Modern 50mm Shootout: Pentax D FA* 50mm, Samyang 50mm, Pentax DA* 55mm F1.4
In simple terms, vignetting is the darkening of the corners of an image that occurs at wider apertures. Every lens, wide open, will exhibit some. Most of the time, it need not be a problem for modern photographers. First, it is always possible to shoot at smaller apertures, mitigating the effect. Second, cameras released in the last few years often have built-in tools to remove vignetting in a way that's invisible to the user. Advanced software also often incorporates lens profiles which can seamlessly correct vignetting. Last, it is always possible to purchase higher-quality lenses that will show milder vignetting.
A fast lens is somewhat more likely to show vignetting than a slow one, although this is not a hard rule. A full frame lens also benefits from a sweet spot on APS-C, but shows its flaws more visibly on full frame cameras. A zoom is more likely to show vignetting at its wider focal lengths.
This section presents how the three lenses performs in regards to vignetting.
The test was performed by pointing the lens at a blank wall. In-camera correction was de-activated; results with lens correction active will be significantly better. Resulting files were scaled down, converted to grayscale for improved visibility, then exported. The following settings were used:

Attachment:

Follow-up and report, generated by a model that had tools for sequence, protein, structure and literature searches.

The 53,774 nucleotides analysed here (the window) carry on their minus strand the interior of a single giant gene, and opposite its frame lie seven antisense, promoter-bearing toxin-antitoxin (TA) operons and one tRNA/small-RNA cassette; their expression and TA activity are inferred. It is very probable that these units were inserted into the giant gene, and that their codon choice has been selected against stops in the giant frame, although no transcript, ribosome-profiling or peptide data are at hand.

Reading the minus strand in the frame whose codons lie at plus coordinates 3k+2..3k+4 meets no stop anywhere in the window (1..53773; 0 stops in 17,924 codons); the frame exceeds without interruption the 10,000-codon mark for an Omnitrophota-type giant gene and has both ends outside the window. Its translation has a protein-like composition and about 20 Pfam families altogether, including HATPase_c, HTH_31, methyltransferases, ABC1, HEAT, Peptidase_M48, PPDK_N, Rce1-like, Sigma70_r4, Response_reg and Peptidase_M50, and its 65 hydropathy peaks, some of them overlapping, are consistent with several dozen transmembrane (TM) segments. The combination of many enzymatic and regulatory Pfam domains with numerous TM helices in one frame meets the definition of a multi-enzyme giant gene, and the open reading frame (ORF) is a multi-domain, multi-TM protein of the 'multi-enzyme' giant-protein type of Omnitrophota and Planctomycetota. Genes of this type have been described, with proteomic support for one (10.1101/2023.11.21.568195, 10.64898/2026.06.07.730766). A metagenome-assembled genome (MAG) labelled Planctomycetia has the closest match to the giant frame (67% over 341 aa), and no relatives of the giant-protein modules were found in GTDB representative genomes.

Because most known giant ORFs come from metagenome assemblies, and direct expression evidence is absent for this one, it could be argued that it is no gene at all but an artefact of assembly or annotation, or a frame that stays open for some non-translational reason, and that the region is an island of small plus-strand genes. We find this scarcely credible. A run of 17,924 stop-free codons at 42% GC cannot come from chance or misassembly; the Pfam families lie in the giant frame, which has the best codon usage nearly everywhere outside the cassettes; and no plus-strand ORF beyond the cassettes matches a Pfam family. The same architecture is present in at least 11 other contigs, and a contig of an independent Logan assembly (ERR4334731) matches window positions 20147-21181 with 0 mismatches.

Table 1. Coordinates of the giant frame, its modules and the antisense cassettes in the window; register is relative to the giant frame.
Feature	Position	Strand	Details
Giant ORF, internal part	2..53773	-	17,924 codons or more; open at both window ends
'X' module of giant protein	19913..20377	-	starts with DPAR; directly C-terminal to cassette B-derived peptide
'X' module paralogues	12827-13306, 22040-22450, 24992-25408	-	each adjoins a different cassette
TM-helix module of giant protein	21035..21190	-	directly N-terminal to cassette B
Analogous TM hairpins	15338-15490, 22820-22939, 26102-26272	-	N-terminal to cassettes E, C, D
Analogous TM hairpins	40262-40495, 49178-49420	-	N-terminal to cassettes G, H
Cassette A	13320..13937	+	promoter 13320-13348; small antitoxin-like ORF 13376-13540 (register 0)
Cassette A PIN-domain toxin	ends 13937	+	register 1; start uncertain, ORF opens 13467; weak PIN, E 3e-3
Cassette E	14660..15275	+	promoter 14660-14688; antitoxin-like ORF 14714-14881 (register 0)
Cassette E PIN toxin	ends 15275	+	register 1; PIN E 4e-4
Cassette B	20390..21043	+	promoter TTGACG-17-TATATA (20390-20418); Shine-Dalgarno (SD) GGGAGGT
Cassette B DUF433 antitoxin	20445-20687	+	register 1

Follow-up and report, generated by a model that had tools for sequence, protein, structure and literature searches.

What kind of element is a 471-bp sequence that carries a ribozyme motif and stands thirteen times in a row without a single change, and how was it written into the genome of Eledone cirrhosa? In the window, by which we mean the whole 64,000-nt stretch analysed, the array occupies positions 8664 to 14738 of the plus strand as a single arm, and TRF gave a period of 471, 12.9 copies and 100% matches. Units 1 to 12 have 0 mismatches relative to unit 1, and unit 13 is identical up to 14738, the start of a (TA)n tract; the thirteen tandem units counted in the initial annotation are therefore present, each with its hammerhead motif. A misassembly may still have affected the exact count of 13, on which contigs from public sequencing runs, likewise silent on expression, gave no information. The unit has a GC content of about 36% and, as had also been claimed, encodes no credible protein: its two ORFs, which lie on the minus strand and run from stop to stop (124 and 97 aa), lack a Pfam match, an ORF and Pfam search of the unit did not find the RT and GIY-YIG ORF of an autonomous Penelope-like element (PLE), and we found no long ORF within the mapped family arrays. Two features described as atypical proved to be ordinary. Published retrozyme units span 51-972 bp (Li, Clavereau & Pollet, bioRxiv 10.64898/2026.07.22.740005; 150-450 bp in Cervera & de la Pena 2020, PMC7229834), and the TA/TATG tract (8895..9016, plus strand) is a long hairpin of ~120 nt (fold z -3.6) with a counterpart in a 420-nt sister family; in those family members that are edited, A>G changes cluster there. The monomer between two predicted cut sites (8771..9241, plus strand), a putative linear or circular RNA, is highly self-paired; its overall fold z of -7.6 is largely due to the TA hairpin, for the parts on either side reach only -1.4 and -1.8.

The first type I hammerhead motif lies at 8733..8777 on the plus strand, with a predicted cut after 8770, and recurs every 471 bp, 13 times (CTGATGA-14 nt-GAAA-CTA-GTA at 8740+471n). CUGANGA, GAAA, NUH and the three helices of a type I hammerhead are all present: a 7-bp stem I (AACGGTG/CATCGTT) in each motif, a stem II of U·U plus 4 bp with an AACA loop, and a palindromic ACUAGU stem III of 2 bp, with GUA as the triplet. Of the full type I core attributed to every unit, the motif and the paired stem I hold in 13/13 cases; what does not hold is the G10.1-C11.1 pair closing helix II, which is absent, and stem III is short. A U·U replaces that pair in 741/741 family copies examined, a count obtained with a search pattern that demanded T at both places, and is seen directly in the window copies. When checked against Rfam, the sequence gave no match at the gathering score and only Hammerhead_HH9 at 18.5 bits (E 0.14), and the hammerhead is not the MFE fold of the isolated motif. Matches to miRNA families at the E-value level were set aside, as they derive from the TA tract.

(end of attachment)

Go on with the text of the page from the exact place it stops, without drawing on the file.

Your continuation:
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The following charts summarize the findings on full frame and APS-C.
On APS-C, the three lenses are nearly identical. At around three-quarters of a stop wide open, the effect will not be bothersome. As the aperture closes, vignetting becomes negligible. The D FA* has a theoretical advantage but it will be nearly impossible to notice in most cases.
On full frame, the differences are more visible. At wider apertures, the DA* shows heavier vignetting than the other two, something to be expected given its APS-C roots. It doesn't do much worse than the Rokinon, however. The D FA* is the star of the show, with low vignetting even wide open. At F2.8 and below, the effect stops being bothersome and the three lenses mostly even out.
Luckily vignetting is the easiest optical flaw to correct via software. Activating auto-corrections in-camera will make the effect near-absent in the end.
The next images show the vignetting at various apertures for both sensor sizes. Click on any thumbnail to view larger sizes.
D FA* 50mm
Vignetting figures are excellent for all three lenses on APS-C. On full frame sensors, the D FA* 50mm produces by far the best results. The Rokinon's results are still better than average and easy to correct. While the DA* 55mm's results are the poorest of the three, they exceed expectations for what is officially an APS-C lens.